4. To make the dressing, place lemon zest, fresh ginger, honey, lime juice, and oil in a small blender and combine until smooth. A If needed, add a teaspoon or two of water to reach the right consistency.
  5. Drizzle the dressing over your  bowl.

 

Meet Melissa: Melissa Rapoport is the Manager of Health Coaching and Lifestyle Programming at Blum Center for Health in Rye Brook, NY. She combines her graduate work in Developmental Psychology with her education in nutrition, health and coaching to create highly individualized programs that result in lifetime change. A contributing author to three international bestselling books, Melissa’s greatest joy is her relationship with her two daughters. To learn more about Melissa’s coaching practice at Blum Center for Health, click here.

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Lyme Disease in the Age of COVID-19

As much of the world has been focusing on the COVID pandemic, many of us are sitting at home for many more hours than we are used to.  We’ve been given this unique opportunity to go outside and visit nature regularly. It’s a good way to combat cabin fever, remain physically active and care for our emotional needs during these times of worry and uncertainty.  

Every day I witness the streets around my home being filled with neighbors I rarely see, families on walks together, kids on skateboards and scooters.  It’s a busy scene for a usually quiet town, and as I try and look for the positive things during these times, this is a beautiful one to witness: that we are all walking more, being with our families and breathing in fresh air.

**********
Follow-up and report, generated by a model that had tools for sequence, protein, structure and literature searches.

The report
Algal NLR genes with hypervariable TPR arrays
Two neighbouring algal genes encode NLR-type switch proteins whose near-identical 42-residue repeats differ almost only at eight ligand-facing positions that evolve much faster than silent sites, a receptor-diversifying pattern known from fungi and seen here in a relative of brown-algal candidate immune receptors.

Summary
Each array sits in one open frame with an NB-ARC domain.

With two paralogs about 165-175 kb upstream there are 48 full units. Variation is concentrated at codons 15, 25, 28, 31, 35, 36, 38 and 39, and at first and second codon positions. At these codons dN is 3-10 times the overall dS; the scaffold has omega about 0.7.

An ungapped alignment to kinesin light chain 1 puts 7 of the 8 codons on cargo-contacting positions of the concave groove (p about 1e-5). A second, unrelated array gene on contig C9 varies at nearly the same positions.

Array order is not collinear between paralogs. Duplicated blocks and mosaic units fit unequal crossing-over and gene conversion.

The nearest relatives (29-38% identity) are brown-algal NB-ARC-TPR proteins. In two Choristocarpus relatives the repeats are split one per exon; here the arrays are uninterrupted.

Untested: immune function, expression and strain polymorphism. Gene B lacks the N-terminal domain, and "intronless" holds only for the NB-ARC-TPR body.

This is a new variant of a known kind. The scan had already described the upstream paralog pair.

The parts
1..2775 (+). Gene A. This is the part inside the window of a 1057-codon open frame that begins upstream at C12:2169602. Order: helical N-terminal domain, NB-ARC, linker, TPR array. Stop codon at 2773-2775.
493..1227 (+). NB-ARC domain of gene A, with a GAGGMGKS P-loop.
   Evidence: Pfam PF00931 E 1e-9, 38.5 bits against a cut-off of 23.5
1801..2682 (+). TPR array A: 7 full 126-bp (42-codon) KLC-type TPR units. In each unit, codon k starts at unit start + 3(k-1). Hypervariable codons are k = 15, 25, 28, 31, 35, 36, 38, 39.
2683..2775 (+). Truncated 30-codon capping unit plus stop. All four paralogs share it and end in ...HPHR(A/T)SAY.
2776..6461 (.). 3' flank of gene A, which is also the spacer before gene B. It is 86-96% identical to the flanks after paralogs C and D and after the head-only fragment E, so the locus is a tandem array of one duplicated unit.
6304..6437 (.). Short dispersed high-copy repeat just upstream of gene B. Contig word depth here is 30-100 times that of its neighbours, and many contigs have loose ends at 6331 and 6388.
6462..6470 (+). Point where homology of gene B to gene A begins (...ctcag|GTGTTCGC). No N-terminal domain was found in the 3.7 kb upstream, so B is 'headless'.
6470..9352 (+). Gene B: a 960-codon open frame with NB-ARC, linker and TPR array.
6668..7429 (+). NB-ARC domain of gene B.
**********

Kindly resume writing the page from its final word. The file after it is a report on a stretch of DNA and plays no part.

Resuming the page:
Given all the fear and uncertainty around the coronavirus pandemic, as an Integrative Physician with a focus on Lyme Disease in my medical practice, I felt compelled to share critical information so that you don’t get Lyme.  This information is useful, even if you’ve had Lyme before, or have it now, you don’t want to get it again! (And if you are struggling with chronic Lyme, I have some ideas for you, too)

Deer ticks are transmitters of various diseases in our area including Lyme, Babesia, Bartonella, Anaplasmosis, Relapsing Fever and Powassan virus.  This is not just a cause for concern in the spring and summer as conventional thinking goes. Their activity is dependent on the weather. With climate change afoot I see cases all year round.  Most people think ticks are killed off by freezing temperature but in fact, they just go through a stasis period. When the right conditions come about, they reanimate and come to life again.  

Here are some simple things to keep in mind as we approach high season for tick-borne illnesses:

  1. Temperatures: Deer ticks can be active in temperatures above 32-35 degrees when the ground is thawed and not covered in snow.  This is now. Don’t let your guard down just because you still need a down coat.
  2. Location: It’s common knowledge that ticks are found in the woods or specifically in shrubs, leaf litter, rock walls.  However I’ve had many patients get lyme disease from just being on sunny lawn. We are ground zero for Lyme disease, expect the rules to bend and that it’s easier to transmit traditionally thought.
  3. Family Pets: I’ve had patients who have been outside only on concrete and had Lyme disease.  We forget that our animals can bring ticks into the home. They should be checked regularly.  I believe that pets that get treated with medications like Frontline may tend to protect the animal but they make it more likely for a tick not to attach to them but to someone at home.